Results: Crude extract of Phyllanthus amarus whole plant showed significant (P < 0.05) antiplasmodial activity in dose dependent pattern with 76.74% inhibition of parasite growth. Aqueous fraction at a dose of 200 mg/kg demonstrated significant antiplasmodial activity with %inhibition of parasite growth of 56.40. The variations in the values of weight and %PCV before and after treatment were not significant in both the crude and aqueous fraction. Significant inhibition of parasite growth by the crude extract and aqueous fraction resulted in longer mouse survival relative to the control, as confirmed in the mean survival time of the mice (27.67±1.45, 22.67±0.67, 29.33±0.67 and 6.67±0.88 days) for the crude extract (500mg/kg), aqueous fraction (200 mg/kg), chloroquine and negative control groups respectively. Phytochemical screening of the extracts revealed the presence of alkaloids, flavonoids, phenol, tannins, steroids, terpenoids and saponins.

Conclusion: The results indicate that the whole plant extract and fractions of Phyllanthus amarus have antimalarial property which can serve as a novel source for the development of new and affordable antimalarial agent. 

Open Access Original Research Article

Anti-Diabetic Properties of the Root Extracts of Salacia nitida Benth on Alloxan Induced Diabetic Rats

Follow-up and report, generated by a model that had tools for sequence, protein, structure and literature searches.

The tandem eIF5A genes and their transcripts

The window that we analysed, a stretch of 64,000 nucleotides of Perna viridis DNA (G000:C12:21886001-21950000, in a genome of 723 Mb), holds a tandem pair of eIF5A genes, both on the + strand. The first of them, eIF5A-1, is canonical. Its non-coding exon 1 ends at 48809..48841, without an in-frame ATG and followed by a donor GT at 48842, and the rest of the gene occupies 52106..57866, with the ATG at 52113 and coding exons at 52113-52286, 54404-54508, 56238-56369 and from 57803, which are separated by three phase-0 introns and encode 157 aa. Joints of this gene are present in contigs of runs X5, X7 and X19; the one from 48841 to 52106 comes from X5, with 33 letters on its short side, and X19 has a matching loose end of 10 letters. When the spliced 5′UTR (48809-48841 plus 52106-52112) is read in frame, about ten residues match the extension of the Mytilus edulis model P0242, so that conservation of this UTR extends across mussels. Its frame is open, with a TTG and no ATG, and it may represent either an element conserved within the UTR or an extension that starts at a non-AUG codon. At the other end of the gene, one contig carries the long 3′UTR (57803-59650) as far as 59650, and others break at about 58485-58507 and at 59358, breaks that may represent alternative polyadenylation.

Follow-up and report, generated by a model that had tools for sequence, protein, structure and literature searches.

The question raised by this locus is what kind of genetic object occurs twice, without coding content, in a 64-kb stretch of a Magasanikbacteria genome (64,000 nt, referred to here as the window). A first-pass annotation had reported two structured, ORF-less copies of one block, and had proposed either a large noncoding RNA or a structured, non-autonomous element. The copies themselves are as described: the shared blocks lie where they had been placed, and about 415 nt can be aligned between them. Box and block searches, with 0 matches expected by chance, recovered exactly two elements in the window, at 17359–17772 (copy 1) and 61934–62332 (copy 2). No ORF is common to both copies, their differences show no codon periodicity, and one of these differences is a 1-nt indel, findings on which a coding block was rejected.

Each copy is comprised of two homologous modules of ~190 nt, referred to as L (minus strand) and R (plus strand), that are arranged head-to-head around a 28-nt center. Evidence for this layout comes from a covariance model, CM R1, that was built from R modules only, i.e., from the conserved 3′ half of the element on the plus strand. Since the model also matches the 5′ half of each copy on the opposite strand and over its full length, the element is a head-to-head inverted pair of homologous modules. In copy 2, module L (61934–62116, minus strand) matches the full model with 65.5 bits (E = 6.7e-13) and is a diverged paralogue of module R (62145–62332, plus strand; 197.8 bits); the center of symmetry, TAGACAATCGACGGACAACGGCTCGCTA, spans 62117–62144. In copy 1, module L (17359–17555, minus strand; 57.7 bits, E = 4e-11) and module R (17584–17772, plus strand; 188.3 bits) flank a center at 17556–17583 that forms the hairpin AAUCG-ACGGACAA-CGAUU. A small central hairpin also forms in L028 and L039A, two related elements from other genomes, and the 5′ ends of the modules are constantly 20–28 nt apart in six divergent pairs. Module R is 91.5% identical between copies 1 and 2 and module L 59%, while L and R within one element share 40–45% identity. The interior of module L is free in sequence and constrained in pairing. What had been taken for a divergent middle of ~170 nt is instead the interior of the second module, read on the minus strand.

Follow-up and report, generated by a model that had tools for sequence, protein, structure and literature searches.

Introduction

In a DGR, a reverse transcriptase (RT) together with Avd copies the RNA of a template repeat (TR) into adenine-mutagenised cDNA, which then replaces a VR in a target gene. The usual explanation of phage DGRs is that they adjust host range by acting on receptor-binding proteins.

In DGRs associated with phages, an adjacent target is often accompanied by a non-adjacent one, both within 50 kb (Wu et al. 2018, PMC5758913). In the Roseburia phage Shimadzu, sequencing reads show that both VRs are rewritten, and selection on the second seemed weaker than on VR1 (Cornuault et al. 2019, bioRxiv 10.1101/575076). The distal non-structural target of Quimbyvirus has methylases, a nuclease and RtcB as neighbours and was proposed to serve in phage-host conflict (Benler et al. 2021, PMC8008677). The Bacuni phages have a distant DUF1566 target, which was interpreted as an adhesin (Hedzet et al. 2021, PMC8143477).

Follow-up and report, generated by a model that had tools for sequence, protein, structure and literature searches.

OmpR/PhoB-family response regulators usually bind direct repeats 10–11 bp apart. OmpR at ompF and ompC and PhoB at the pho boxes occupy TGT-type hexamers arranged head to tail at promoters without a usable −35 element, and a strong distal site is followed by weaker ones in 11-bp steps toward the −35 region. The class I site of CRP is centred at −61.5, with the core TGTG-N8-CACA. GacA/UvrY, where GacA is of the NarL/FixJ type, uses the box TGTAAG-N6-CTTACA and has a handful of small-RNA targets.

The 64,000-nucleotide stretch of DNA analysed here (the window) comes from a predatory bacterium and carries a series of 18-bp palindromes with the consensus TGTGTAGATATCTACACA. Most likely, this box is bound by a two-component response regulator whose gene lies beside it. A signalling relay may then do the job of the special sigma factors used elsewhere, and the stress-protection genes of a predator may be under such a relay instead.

C. I. Zawua, H. D. Kagbo

European Journal of Medicinal Plants, Page 1-15
DOI: 10.9734/EJMP/2018/41430

Aim: This study was carried out to evaluate the anti-diabetic properties of root extracts of               Salacia nitida in alloxan-induced diabetic rats.

Study Design: Experimental Animal Study.

Place and Duration of Study: Department of Pharmacology, University of Port Harcourt,Rivers State from July 2016 to February 2017.

Methodology: The study investigated the dose-dependent changes in the blood glucose levels, body weight, serum lipid profile (Total Cholesterol (TC), Total glycerides (TG), Low Density Lipoproteins (LDL) and High Density Lipoproteins (HDL), liver function (serum; Alanine Amino Transferase (ALT), Aspartate Aminotransferase (AST), Alkaline Phosphatase (ALP), Total Bilirubin, Conjugated Bilirubin, Total Proteins and Albumin) and renal function (serum; creatinine and urea). The method of successive extraction was used, making use of the solvents n-hexane, dichloromethane, ethyl acetate, methanol and water in order of polarity to extract the root fractions to be utilised for the research. A qualitative phytochemical analysis making use of standardized methods was performed. Acute toxicity was evaluated using the Lorke's method. The anti-diabetic study was evaluated in twenty-one days, comprising two phases: induction phase and treatment phase. Fifty- five rats for the experiment were divided into eleven sets of five rats each.

Results: These results indicate the presence of chemical constituents; alkaloids, saponins, flavonoids, tannins and carbohydrates in the extracts. LD50 value was determined to be more than 5000 mg/kg, which indicates that it is safe. The extracts showed hypoglycemic activity which was evidenced by improving the body imbalance in lipid metabolism experienced during diabetes, restoring body weight to near normal, lowering blood glucose levels, restoring protein levels to near normal, decreased liver glycogen levels, and decreasing albumin, bilirubin, urea and creatinine levels.

Conclusion: This study indicated that the root extracts of Salacia nitida showed anti-diabetic properties in alloxan-induced diabetic rats. Thus, the extracts of S. nitida will be an inordinate addition to ethnomedicine in the management of diabetes and its complications.